Monday, September 26, 2016

Banned Book Week Day 1: What Book Would You Ban?

In honor of Banned Books Week (September 26 through October 1, 2016), GHPALS members reported their answers to five prompts suggested by the Banned Book Week coalition (See our post Banned Books Week.)

TheAmerican Library Associations tracks censorship efforts at school districts and libraries across the country. (The Comic Book Legal Defense Fund provides advice and guidance to school and library boards dealing with such attempts.) Each year the ALA compiles a list of the books attacked that year.

As part of this effort members reviewed those
lists as discussion stimulants. One of our more vocal members expressed the opinion that some of the books on the list should be banned because they are just plain lousy books.

Naturally that stimulated discussion, and the question was asked, What book would you ban?

Readers. please remember that GHPALS and its members are fully committed to the First Ammendment and the right of free speech. We are joking here.

  • Catcher in the Rye It's over taught because every English teacher loves it and their students hate it. I hated it and still do.
  • Any book that retells a classic from the villain's point of view. Come up with your own story and stop trying to make the bad guys into good ones who are just misunderstood.
  • The Hunger Games series. It's really creepy that a series about children killing each other is so popular. 
  • Howard Zinn's A People's History of the United States. This snarky piece of garbage has distorted more children's views of American history than Parson Weems did.
  • Go Set a Watchman It was criminal to publish it and tarnish Harper Lee's reputation. Someone ought to protect authors from greedy relatives and caretakers like they're protected from censorship.
  • Ghost written autobiographies of political candidates. 
  • Ghost written books of any kind when the actual writer is not attributed authorship.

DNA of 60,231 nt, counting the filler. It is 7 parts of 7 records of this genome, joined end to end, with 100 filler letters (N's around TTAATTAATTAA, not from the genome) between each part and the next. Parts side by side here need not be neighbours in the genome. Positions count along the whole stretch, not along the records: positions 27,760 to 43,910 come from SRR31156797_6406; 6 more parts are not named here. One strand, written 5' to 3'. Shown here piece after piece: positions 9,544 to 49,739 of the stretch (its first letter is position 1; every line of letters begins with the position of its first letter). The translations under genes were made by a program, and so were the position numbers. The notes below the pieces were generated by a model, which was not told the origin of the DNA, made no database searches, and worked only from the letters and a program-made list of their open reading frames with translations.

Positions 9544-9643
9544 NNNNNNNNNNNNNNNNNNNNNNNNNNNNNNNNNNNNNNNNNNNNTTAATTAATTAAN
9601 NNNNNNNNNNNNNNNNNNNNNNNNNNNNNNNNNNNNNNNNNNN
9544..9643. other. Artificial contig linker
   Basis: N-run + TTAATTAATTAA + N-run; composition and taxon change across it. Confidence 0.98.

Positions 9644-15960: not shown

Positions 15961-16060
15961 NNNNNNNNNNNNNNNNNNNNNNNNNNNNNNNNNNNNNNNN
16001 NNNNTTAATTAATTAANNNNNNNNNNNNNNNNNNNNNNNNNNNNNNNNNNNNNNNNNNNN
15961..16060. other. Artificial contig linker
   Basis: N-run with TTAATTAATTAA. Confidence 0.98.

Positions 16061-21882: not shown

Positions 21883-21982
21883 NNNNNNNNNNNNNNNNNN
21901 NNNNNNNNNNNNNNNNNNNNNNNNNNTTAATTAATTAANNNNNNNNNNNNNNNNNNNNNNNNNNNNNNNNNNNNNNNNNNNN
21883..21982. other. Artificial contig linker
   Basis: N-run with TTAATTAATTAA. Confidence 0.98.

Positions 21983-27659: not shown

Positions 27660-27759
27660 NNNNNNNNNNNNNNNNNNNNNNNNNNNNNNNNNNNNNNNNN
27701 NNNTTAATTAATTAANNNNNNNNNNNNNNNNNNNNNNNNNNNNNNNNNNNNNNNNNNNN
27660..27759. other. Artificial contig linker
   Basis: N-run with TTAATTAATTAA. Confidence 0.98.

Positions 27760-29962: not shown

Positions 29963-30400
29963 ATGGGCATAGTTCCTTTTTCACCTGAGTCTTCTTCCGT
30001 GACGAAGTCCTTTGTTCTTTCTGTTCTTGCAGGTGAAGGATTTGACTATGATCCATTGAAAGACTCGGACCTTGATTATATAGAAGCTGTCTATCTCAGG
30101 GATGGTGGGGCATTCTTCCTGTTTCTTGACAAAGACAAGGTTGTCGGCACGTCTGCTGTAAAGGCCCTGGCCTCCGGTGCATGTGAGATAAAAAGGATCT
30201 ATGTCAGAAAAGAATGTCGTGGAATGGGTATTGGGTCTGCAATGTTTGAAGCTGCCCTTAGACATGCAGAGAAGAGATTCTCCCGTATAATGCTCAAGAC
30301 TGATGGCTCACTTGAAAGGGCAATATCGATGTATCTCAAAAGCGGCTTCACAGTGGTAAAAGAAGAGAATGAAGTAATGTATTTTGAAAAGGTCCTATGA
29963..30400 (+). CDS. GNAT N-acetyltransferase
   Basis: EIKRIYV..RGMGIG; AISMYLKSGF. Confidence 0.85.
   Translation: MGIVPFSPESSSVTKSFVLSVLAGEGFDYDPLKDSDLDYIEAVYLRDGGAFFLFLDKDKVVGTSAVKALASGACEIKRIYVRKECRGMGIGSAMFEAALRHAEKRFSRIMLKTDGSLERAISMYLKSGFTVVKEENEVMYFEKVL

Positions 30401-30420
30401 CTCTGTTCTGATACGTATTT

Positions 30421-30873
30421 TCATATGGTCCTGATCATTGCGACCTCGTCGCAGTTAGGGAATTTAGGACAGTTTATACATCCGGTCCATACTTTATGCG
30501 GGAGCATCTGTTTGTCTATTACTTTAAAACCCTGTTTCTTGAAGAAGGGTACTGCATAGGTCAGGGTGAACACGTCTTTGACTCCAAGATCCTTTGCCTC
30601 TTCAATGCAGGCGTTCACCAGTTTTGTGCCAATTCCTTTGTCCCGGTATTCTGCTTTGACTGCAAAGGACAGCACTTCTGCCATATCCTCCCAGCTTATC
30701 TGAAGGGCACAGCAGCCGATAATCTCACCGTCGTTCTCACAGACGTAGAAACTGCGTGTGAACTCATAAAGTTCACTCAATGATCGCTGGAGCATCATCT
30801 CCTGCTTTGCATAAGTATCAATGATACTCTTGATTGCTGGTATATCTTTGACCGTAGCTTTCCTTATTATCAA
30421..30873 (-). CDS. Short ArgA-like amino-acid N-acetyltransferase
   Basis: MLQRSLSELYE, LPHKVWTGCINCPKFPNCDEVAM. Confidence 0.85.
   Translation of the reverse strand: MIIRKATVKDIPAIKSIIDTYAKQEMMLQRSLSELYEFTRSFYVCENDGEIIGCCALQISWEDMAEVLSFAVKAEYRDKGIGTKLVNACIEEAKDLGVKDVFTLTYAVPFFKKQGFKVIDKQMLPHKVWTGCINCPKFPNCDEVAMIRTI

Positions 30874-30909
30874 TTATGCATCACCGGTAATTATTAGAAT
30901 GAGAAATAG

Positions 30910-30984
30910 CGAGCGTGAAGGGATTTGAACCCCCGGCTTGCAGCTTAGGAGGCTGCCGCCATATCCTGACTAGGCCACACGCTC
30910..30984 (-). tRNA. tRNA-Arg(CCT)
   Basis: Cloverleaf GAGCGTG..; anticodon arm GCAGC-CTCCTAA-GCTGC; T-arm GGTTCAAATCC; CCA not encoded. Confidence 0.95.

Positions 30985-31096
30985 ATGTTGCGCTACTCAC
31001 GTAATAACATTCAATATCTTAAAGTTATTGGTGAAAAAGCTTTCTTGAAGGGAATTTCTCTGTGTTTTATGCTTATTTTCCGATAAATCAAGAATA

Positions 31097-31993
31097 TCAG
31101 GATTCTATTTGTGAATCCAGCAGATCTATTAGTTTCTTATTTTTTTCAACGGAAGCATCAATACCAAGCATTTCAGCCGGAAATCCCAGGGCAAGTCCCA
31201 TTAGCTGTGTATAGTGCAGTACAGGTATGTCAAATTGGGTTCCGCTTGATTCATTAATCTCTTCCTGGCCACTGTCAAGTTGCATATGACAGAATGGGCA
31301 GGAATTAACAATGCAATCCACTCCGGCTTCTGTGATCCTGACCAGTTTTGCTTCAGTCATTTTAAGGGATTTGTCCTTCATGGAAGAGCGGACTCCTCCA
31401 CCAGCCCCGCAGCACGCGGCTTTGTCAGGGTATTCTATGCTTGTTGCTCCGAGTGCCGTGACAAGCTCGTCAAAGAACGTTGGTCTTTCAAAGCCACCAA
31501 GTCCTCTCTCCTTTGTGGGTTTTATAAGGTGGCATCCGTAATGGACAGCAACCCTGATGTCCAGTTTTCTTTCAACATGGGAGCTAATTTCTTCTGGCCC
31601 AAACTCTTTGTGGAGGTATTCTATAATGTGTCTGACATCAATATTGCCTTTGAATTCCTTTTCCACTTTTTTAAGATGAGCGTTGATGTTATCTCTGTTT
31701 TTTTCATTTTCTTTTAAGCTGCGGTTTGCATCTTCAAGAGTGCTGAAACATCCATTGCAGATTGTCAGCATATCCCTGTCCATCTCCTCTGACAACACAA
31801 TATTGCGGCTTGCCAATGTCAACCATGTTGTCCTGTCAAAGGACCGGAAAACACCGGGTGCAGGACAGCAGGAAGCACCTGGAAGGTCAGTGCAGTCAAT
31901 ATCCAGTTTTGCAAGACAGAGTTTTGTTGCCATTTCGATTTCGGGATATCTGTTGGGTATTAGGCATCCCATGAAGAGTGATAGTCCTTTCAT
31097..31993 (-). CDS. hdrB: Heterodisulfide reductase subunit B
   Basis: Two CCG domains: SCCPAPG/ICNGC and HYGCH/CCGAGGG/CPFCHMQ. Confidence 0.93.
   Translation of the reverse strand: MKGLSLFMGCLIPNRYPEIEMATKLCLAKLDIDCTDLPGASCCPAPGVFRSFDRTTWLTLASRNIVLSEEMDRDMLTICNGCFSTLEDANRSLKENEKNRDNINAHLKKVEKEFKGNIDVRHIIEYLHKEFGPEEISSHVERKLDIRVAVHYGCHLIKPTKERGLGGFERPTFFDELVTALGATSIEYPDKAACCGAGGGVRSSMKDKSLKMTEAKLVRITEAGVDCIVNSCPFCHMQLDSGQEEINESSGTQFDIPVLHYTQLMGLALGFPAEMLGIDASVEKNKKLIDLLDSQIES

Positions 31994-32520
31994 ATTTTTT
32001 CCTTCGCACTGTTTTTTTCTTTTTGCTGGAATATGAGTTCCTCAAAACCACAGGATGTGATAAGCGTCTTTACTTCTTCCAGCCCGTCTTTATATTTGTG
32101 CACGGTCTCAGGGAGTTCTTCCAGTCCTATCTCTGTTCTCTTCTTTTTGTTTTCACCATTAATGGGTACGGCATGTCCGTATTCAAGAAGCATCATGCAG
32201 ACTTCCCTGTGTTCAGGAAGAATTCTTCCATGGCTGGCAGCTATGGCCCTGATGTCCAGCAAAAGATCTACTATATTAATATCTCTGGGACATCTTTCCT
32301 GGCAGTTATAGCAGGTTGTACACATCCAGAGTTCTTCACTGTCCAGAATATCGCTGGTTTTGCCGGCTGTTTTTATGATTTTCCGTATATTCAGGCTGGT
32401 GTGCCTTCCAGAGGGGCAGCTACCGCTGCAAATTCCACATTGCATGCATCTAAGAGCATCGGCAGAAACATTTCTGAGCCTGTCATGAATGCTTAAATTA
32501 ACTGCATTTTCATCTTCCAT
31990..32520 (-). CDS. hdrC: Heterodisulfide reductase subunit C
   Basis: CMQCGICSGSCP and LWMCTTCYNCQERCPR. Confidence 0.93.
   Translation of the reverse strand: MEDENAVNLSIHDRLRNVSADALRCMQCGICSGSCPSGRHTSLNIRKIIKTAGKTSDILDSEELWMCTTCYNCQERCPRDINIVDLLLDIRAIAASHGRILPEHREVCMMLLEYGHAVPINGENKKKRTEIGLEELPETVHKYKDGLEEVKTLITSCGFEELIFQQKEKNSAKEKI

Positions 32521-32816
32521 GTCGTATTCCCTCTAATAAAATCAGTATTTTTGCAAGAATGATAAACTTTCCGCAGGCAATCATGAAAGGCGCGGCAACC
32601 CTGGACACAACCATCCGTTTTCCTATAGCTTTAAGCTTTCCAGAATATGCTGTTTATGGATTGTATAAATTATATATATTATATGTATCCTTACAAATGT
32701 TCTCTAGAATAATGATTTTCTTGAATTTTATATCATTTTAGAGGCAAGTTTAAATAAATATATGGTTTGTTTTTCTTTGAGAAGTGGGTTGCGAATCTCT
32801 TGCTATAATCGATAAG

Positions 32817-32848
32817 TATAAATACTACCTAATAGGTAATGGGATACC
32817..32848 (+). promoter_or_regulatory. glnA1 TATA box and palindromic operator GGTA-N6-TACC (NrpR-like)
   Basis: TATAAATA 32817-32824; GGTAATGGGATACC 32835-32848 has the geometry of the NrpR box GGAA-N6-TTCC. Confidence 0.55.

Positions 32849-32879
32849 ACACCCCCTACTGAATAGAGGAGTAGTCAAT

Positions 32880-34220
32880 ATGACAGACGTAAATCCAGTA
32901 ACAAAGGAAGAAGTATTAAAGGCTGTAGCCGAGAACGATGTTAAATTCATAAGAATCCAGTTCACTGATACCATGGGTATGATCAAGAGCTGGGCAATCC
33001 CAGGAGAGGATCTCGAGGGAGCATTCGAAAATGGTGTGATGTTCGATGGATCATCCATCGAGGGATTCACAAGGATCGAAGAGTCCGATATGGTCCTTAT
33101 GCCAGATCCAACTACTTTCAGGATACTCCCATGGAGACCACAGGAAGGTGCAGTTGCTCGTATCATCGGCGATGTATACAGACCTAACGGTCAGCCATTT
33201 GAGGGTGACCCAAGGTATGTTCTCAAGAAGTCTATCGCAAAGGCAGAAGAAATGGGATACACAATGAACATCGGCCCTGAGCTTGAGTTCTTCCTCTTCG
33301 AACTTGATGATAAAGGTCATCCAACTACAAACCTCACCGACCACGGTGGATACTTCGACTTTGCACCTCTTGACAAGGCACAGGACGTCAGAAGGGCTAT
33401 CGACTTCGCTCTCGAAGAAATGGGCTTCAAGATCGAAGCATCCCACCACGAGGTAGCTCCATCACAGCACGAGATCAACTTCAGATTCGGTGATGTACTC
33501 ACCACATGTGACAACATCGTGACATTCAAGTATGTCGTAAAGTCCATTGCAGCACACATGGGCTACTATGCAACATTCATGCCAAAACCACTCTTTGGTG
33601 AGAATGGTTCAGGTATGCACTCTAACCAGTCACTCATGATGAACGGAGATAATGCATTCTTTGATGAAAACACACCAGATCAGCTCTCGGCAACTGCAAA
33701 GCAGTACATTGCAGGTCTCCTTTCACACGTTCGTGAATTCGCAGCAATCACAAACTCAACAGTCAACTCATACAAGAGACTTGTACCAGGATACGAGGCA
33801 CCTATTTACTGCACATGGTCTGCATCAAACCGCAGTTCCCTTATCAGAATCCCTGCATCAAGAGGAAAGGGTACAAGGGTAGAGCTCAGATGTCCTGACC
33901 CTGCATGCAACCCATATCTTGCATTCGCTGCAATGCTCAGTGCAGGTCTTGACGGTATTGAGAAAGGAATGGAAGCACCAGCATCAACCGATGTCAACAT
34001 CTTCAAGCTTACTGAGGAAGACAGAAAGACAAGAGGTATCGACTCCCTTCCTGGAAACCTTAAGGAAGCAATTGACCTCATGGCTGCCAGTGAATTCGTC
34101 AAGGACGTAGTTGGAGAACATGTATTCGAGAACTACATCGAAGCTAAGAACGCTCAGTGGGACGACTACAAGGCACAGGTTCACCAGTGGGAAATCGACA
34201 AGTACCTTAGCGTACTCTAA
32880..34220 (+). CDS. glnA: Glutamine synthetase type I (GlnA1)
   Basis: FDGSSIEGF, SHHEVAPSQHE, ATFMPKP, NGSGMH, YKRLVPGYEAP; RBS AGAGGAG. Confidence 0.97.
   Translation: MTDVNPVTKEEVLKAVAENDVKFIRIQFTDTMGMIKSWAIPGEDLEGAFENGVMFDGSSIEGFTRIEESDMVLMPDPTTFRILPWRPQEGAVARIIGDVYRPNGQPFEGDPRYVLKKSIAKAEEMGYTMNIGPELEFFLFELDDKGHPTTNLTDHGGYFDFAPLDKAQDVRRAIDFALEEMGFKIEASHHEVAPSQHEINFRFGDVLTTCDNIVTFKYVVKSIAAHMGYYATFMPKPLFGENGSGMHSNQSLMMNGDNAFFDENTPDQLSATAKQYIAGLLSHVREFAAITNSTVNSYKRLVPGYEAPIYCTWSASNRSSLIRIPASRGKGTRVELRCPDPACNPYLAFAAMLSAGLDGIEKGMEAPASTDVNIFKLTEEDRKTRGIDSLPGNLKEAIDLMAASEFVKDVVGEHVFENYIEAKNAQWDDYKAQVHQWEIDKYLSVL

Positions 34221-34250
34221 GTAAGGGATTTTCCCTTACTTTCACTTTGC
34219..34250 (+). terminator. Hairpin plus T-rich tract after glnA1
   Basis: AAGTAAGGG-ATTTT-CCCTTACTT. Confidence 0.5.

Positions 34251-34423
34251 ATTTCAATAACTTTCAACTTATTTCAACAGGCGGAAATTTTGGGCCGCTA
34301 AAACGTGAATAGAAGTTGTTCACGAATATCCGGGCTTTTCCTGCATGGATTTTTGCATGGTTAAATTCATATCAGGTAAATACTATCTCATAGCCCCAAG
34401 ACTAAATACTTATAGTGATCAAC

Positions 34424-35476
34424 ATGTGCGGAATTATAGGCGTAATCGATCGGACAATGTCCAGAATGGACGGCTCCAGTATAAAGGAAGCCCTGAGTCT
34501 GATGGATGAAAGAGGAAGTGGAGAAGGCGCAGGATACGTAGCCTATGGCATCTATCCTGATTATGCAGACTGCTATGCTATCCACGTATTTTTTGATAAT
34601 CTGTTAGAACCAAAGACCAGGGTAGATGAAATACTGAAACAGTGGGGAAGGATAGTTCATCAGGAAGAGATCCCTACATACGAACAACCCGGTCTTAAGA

• Any book that hasn't been properly edited or proofread. 
  • Anything by Barbara Cartland or any other author whose paragraphs are one sentence long.
  • Kate Chopin because she's boring and an awful writer. If she weren't a woman no one would teach her in school. Louisa Mae Alcott writes so much better, but we can't teach her because she was popular and writes about people who are happy.
  • T.S. Elliot. I hate his poetry. When my son was five he accidentally tore the dust cover of a book at Crown Books. The first and only time he harmed a book. I told him we had to buy it now, then I noticed what it was and threw a fit. Of all the books in the store he tore The Collected Poems of T.S. Elliot!
  • A House on Mango Street because I just hated that book in high school. Hated, hated, hated.
  • Nothing. Let anything and everything be published and sold or given away. The stuff that's good will last and the stuff that isn't won't. I work at the library book sales and the tables are full of books that were best selllers years ago and no one now remembers.
  • The statistics book I had to read in college. I hated it so much I took a hole saw to it when the quarter was over. It now has a 3-inch hole right down the center.
  • I can't think of any book I hate enough to ban. Zoo was terribly written, but I wouldn't ban it. The Twilight Series was lousy, in my opinion, but people loved it so I wouldn't ban it. Cat's Cradle is my favorite book, and there are some people who'd ban Vonnegut. One man's meat is another man's poison.
The Banned Books Coalition developed prompts to stimulate discussion during Banned Books Week. Tomorrow we'll post the answer to Which banned book would you memorize to prevent being lost to the sands of time?

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